IE 11 is not supported. For an optimal experience visit our site on another browser.

Clinton's legacy still needs a little bit of work

I have always believed that Americans should revere their former presidents, but Bill Clinton's P.R. machine is making that hard to do.
Former US President Bill Clinton speaks at the Voter Fund event in New York's Apollo Theater, May 11, 2004. Clinton joked on Tuesday that he needs to finish his memoirs because "I need my life back." Chip East / Reuters file

In second grade, I started reading short biographies of U.S. presidents.  I read about John Kennedy's war exploits, his race to the moon, and his early death. I liked Kennedy because a book said he got bad grades in school.  This was a president that even a 7-year-old could relate to.  There was no mention of Marilyn Monroe, sex scandals, or Vietnam assassination plots. 

My interest in Kennedy led me to read books on Washington, Lincoln, and Roosevelt.  My grandmother told me about how life was livable in rural Georgia during darkest days of the Great Depression because of FDR. 

I remember my poor friends who lived in trailer parks outside Meridian, Mississippi, leaving a pickup basketball game after school one day.  They reappeared hours later wearing a clip-on tie that their mothers had obviously stuck on them, because that was the day that Independence, Missouri, buried Harry Truman.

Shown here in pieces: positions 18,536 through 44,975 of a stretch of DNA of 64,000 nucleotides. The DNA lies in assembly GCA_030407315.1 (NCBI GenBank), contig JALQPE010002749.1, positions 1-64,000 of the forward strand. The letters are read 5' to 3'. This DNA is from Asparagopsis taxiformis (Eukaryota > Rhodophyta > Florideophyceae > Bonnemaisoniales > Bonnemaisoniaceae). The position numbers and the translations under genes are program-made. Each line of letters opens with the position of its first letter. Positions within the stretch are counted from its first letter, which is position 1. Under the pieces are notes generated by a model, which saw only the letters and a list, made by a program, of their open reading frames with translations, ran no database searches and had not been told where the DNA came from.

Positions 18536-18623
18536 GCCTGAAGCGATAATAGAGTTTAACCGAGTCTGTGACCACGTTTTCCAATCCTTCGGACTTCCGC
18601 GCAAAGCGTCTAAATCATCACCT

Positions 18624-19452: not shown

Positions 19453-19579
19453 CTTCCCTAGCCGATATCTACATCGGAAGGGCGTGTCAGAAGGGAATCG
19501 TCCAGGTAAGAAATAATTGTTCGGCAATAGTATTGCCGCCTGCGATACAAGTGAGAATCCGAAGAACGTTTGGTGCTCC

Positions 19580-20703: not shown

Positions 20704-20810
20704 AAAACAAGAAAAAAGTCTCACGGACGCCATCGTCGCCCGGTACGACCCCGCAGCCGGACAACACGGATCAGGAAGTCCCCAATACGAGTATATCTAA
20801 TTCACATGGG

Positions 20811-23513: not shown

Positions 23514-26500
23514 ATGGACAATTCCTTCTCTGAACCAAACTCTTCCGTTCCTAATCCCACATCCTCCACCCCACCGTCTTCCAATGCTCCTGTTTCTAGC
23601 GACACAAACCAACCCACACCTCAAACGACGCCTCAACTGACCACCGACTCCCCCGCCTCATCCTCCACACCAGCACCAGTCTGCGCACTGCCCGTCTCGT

My father stuck by Nixon until the bitter end.  And when I had children, I told them about the goodness in Jimmy Carter's heart, even if I believe he was the most overmatched president in the history of the White House. 

I am not exactly sure what I am going to tell my young daughter about Bill Clinton.  The 42nd president remains as vexing as ever, blaming his behavior with "Monica-gate" on Ken Starr, on right-wing zealots, and now even his abusive stepfather.  Clinton claims that he never let bin Laden slip out of his hands and that’s simply false.  The claim that being impeached was a badge of honor shows that Bill Clinton is still unwilling to accept personal responsibility for his personal failings. 

Sure, he still draws stars, like he did Monday night at the book launch party in New York's Metro tonight at the New York Metropolitan Museum of Art. 

But Bill Clinton could have been more than a star.  He could have been a great president, but he wasn’t.  As one of the most gifted political minds of our time, I think the final chapter on Bill Clinton has yet to be written.  And this man still appears to have Jay Gatsby’s riotous heart.

Here’s to hoping, one day, I can turn the page of a book over to Bill Clinton’s picture and say to my daughter, Kate, like everybody, that Bill Clinton made some mistakes when he was president, but he learned from those mistakes and he grew up to be a great man.

Wouldn’t that be a wonderful thing to say about Bill Clinton when it was his time to go home?